Integral Test

Sequences and series act as a building block for the analysis process. The continuity of the function can be easily proved using the sequences. The integral test is used to find whether the given series is convergence or not. The convergence of series is more significant in many situations when the integral function has the sum of a series of functions. So, it is essential to check whether the given series is convergence or not while dealing with some specific functions on sequences and series. In this article, let us have a look at the procedure of integral test, proof and comparison test.

Integral Test for Convergence

The integral test for convergence is a method used to test the infinite series of non-negative terms for convergence. It is also known as Maclaurin-Cauchy Test.

Let N be a natural number (non-negative number), and it is a monotonically decreasing function, then the function is defined as

f: [N,∞ ]→ ℝ

Then the series \(\sum_{m=N}^{\infty }f(m)\) is convergent if and only if the integral \(\int_{N}^{\infty }f(t)dt\) is finite.

Conditions for Integral Test

The integral comparison test is mainly for the integral terms. If we have two functions say f(x) and g(x) in such a way that g(x)≥ f(x) on the given interval [c, ∞], then it should have the following conditions.

  • If the term \(\int_{c}^{\infty }g(x)dx\) converges, then the term so does \(\int_{c}^{\infty }f(x)dx\).
  • If the term \(\int_{c}^{\infty }f(x)dx\) divergences, then the term so does \(\int_{c}^{\infty }g(x)dx\).

Integral Test Proof

The integral test proof depends on the comparison test. We know that,

\(\int_{N}^{\infty }f(t)dt\) is nothing but the sum of the series \(\sum_{m=N}^{\infty }\int_{m}^{m+1}f(t)dt\)

Since “f” is monotonically decreasing function, then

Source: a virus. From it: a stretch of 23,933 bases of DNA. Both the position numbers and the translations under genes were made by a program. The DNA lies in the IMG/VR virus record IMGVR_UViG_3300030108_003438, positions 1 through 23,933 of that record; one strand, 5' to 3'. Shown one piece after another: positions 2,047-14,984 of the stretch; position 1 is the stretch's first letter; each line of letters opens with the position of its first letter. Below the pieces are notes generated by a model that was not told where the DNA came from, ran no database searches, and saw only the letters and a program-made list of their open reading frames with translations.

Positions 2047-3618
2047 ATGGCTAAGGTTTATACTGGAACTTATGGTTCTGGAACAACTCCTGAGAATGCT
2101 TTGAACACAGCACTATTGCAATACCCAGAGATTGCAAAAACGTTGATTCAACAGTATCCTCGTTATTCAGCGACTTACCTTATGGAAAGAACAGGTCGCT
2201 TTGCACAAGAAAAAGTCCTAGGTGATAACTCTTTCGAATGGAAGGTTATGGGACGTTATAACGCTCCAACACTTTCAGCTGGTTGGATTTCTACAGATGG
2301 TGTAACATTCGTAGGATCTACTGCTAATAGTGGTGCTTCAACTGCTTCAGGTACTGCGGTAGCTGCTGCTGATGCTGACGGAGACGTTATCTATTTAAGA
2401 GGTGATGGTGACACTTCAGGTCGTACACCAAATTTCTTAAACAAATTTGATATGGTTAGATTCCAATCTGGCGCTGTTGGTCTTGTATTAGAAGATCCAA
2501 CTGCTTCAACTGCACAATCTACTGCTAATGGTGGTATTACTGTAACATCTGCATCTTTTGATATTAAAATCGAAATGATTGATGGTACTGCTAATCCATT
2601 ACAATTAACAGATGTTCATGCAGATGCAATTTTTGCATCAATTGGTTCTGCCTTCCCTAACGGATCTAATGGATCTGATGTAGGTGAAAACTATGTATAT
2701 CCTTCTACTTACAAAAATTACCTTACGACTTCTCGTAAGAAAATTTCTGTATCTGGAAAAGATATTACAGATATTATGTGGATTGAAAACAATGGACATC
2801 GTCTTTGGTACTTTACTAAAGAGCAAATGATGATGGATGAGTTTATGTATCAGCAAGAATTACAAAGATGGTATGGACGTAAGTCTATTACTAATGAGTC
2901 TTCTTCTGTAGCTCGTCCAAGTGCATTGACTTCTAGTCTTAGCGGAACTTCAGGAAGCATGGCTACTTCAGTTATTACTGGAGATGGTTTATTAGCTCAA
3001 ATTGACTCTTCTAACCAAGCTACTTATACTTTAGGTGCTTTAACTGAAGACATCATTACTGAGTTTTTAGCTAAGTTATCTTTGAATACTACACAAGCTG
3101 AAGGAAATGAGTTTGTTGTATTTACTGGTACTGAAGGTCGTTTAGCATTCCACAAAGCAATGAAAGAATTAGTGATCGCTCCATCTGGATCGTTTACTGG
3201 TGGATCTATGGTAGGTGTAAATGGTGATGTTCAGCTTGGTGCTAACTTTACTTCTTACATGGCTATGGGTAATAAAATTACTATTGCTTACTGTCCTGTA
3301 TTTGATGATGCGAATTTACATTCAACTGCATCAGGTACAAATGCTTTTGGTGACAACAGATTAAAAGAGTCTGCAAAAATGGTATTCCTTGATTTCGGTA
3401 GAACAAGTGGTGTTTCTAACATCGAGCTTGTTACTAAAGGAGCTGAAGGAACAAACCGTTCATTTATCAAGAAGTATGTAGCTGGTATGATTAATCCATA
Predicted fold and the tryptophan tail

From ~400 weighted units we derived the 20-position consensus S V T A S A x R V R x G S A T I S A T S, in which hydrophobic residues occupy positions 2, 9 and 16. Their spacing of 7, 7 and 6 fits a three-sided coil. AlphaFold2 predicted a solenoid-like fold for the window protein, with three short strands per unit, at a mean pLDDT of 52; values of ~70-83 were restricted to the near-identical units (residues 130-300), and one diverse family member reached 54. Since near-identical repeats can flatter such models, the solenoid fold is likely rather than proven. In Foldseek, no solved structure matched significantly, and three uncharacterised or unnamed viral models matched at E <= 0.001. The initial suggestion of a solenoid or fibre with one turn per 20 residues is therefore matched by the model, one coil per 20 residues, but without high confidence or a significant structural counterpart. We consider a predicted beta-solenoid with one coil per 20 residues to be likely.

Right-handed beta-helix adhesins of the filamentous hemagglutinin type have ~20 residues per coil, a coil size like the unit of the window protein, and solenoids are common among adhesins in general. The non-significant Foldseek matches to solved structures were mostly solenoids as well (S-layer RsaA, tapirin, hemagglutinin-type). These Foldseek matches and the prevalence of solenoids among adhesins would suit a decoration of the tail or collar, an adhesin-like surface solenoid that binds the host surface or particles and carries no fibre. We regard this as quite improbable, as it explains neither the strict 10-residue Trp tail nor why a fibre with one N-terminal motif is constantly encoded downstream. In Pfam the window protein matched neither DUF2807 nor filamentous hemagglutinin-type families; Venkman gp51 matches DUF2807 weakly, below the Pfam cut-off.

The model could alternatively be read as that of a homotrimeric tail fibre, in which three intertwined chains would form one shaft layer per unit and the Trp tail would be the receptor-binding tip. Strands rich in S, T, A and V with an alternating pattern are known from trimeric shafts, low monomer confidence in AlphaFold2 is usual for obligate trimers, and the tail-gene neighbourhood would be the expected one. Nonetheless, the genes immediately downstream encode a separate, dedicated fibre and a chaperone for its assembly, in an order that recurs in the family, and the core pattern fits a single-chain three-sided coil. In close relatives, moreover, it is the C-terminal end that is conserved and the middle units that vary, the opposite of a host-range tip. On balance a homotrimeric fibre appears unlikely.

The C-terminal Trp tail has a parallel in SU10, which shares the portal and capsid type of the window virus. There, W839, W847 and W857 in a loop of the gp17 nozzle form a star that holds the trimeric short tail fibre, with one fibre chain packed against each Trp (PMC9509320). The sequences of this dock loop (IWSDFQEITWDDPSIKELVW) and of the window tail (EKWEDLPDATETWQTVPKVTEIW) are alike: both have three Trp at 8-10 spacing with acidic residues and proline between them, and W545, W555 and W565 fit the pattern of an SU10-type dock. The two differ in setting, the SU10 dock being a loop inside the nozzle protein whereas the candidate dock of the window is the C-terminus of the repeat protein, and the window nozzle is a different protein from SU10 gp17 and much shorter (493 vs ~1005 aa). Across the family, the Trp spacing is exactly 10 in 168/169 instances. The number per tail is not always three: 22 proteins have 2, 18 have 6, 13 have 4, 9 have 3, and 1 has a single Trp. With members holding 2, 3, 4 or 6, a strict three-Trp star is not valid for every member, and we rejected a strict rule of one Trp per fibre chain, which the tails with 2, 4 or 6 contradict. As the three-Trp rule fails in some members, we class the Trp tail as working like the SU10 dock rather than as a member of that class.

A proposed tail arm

f(t) ≤ f(m) for every “t” in [m, ∞]

For m > N, \(\int_{m}^{m+1}f(t)dt\) ≤ \(\int_{m}^{m+1}f(m)dt\) = f(m)

It means that \(\int_{m}^{m+1}f(t)dt\) ≤ f(m)

As both the quantities are non-negative, use comparison test.

If \(\sum_{m=N}^{\infty }f(m)\) converges, then \(\sum_{m=N}^{\infty }\int_{m}^{m+1}f(t)dt\) = \(\int_{N}^{\infty }f(t)dt\) also converges.

That is, it is finite.

So we are done with one step of the proof.

Now again take that f is monotonically decreasing function, we get

f(m) ≤ f(t) for every “x” in [M, m]

So, f(m) = \(\int_{m-1}^{m}f(t)dt\) ≤ \(\int_{m-1}^{m}f(t)dt\)

From comparison theorem, we get

If \(\sum_{m=N}^{\infty }\int_{m-1}^{m}f(t)dt = f(N)+\int_{N}^{\infty }f(t)dt\) converges, then we can say that \(\sum_{m=N}^{\infty }f(m)\) also converges, which proves the other part of the theorem.

Integral Test Example with Solution


Test the convergence of \(\sum_{n=1}^{10}n\)


Given: \(\sum_{n=1}^{10}n\)

We can define it as

f: [N,∞ ]→ ℝ

f: [1,10 ]→ ℝ by f(x) = x=n

So, we can write it as

\(\int_{1}^{10}f(x)dx =\int_{1}^{10}xdx\)

= \(\left [ \frac{x^{2}}{2} \right ]_{1}^{10}\)

= (102/2)-(12/2)

= 50 – (½)

= 99/2 = 49.5

Hence, by integral test, the given series is convergent.

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